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Pay off Debt or Maximize Retirement Savings?

NEW YORK (MainStreet) — The message has been hammered home time and time again: save for retirement -- you – must -- save – for – retirement. Americans are saying, "Message received." And since the financial collapse, there has been a major shift in priorities among the so-called "mass affluent." Retirement saving is now the top priority of 39% of Americans, followed by paying down debt (26%), according to a Bank of America Merrill Edge report. This is a complete reversal since the 2008 money meltdown.

Somehow, we're placing a priority on saving for retirement over paying off debt. But won't the financial experts say we've got it all wrong? Aren't we supposed to pay off the debt -- and then start setting aside retirement savings?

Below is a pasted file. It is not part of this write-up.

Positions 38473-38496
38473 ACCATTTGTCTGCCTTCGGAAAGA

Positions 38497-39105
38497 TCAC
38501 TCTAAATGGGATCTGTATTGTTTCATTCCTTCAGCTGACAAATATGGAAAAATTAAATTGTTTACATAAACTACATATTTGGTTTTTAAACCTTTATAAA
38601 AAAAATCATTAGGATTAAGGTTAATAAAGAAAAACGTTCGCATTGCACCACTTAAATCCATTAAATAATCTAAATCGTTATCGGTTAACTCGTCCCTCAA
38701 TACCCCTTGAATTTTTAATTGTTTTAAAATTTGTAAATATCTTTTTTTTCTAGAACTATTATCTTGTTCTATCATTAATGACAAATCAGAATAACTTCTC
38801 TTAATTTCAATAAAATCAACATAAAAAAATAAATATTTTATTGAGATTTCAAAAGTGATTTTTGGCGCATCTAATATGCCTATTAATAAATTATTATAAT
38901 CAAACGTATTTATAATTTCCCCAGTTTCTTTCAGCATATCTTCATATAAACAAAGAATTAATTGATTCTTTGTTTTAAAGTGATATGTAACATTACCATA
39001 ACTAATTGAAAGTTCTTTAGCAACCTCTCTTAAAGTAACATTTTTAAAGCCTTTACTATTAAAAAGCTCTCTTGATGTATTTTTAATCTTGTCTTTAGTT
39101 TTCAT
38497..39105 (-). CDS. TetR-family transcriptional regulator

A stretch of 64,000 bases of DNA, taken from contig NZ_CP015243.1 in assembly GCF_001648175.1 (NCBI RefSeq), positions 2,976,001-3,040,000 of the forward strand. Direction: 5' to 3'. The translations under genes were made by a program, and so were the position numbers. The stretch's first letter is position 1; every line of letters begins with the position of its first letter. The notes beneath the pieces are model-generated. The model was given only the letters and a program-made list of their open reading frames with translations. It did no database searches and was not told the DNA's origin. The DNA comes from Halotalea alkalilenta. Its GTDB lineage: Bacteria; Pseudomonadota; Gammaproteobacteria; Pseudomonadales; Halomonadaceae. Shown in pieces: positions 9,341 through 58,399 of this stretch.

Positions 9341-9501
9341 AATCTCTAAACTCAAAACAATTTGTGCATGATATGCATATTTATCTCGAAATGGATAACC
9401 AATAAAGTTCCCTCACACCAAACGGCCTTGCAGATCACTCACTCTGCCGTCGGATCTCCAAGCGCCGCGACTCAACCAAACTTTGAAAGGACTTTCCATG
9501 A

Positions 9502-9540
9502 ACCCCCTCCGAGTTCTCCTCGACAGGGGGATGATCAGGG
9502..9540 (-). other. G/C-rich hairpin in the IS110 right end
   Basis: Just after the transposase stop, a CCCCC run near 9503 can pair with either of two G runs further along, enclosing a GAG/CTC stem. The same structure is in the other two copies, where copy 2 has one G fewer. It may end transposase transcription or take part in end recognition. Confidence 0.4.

You come in here with a skull full of mush

"Depends on the debt," says Shane Fischer, an attorney in Winter Park, Fla. "If it's a low interest rate debt that is tax deductible, why not save for retirement first? You get the tax benefits of retirement contributions with the tax write-off of the low interest on the debt. And since you are limited to the amount of 401(k) or IRA contributions you can make every year, why not maximize those contributions first? Additionally, if your debt burden forces you into bankruptcy, your 401(k) contributions are protected from creditors. So if you're going to declare bankruptcy, wouldn't you want to keep as much money as you can?"

Fischer is "thinking like a lawyer," as John Houseman portraying crotchety Professor Kingsfield so famously spewed in "The Paper Chase." But what do the financial advisors say?

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